D.C. Lawyers Join Sheriff Joe Arpaio's Legal Team At Unknown Cost

By Jude Joffe-Block
Published: Friday, October 28, 2016 - 4:17pm
Updated: Friday, October 28, 2016 - 4:20pm
Paul Atkinson/KJZZ
Joe Arpaio

Sheriff Joe Arpaio used a Washington, D.C., law firm in his latest bid to get the judge who referred him for criminal charges to recuse himself. But how exactly that firm is being paid is something of a mystery.

The firm is called Cooper & Kirk. One of its named partners is Charles Cooper, a well-known conservative lawyer who has argued several cases before the U.S. Supreme Court, including defending California’s 2008 ban on same-sex marriage.

Last month, the sheriff’s office asked the Maricopa County Board of Supervisors to authorize the sheriff's office to hire Cooper & Kirk and pay them up to $1 million.

The sheriff’s office said the firm's services were needed for appeals in a long-standing racial profiling case in which Arpaio and others were found in civil contempt of court. In 2013 U.S. District Court Judge Murray Snow found the sheriff's office had racially profiled Latino drivers, and ordered sweeping reforms to prevent profiling. In May, Snow found Arpaio and three others in civil contempt of court for violating court orders. In July, Snow ordered a new round of reforms to the sheriff's internal affairs division, which the sheriff's lawyers have indicated they will appeal. 

The Arizona Board of Supervisors rejected the sheriff's request to authorize retaining the firm in a 3-2 vote.

But the sheriff’s office hired Cooper & Kirk anyway. An agreement with the Maricopa County Attorney's Office for the sheriff's office to use outside counsel in the racial profiling suit also reportedly allowed the sheriff's office to hire additional lawyers with appellate expertise.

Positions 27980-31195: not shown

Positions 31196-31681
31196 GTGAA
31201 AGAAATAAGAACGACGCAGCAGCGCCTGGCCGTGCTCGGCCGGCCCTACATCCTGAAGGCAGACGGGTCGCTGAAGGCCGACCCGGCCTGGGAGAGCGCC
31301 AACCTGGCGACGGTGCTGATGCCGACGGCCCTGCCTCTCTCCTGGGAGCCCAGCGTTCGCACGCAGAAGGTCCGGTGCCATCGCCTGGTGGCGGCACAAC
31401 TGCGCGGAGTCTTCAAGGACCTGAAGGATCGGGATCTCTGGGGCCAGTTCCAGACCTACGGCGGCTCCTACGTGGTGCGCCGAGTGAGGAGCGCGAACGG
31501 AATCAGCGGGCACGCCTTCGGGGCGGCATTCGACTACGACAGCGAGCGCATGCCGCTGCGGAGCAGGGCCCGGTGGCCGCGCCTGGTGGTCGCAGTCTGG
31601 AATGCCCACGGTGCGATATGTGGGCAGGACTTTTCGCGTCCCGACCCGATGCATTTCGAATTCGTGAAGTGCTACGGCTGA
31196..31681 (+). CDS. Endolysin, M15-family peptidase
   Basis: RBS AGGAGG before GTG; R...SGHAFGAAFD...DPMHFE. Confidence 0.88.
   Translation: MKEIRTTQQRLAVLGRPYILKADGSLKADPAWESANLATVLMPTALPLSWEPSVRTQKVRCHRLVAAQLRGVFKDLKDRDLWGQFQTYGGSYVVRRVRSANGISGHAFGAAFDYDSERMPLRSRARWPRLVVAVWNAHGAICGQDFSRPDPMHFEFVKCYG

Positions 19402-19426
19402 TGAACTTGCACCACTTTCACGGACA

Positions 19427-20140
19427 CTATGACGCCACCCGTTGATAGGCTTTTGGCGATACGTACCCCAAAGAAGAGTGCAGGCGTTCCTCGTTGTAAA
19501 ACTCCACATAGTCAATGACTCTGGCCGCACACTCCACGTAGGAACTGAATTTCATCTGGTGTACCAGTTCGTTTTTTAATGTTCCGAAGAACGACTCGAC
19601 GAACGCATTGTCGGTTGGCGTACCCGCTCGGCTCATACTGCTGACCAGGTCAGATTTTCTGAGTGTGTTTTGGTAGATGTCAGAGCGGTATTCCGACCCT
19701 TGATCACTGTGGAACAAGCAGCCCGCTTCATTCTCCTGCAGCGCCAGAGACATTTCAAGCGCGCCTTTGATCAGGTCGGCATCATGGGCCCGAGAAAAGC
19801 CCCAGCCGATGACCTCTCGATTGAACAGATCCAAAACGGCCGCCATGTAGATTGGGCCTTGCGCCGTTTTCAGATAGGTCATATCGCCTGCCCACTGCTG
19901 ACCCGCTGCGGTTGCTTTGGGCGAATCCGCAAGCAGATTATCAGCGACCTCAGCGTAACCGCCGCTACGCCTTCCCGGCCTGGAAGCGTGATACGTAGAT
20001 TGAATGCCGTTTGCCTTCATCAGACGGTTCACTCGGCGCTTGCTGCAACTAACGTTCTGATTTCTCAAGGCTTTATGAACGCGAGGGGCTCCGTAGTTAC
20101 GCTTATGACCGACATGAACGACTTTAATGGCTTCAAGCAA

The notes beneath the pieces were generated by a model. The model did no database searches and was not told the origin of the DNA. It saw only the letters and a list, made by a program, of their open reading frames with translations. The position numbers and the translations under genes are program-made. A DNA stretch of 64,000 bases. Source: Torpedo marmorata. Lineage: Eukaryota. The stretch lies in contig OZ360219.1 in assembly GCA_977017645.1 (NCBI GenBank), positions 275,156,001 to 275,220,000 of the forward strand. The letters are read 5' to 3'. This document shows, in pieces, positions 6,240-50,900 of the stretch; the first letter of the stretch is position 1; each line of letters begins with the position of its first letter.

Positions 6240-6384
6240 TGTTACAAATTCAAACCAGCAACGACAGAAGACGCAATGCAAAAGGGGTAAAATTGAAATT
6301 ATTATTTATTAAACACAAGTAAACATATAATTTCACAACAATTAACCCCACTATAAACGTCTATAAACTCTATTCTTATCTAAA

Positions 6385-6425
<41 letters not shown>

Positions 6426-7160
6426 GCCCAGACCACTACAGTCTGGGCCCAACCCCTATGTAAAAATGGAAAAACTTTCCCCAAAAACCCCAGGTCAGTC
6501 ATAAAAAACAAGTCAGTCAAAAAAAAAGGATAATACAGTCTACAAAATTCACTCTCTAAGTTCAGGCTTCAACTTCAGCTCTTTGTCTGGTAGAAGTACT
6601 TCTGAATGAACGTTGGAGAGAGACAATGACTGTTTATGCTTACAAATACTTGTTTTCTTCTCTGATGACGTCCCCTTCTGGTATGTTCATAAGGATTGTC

The county or the county attorney’s office usually pays for attorneys’ fees — but that is not happening this time. Instead, the cost must be coming from the sheriff’s budget.

Earlier this week, Cooper & Kirk lawyers filed a motion on behalf of Arpaio, Chief Deputy Jerry Sheridan and Lt. Joseph Sousa asking U.S. District Court Judge Murray Snow and his independent monitor to recuse themselves from the racial profiling suit against the sheriff's office.

The request came a day after Arpaio was formally charged for criminal contempt of court. Snow is the judge who referred Arpaio and others for criminal contempt of court charges. The criminal case is proceeding under a different federal judge.

When KJZZ asked the sheriff’s office how much it had been billed by Cooper & Kirk so far, the office said a response could take up to eight weeks. The cost of litigation in the racial profiling case is already estimated at close to $50 million, with more expenses projected in the near term.

Cooper & Kirk are being retained only in the civil racial profiling case against the sheriff's office, and not in Arpaio's criminal case. Arpaio must pay for his own criminal defense.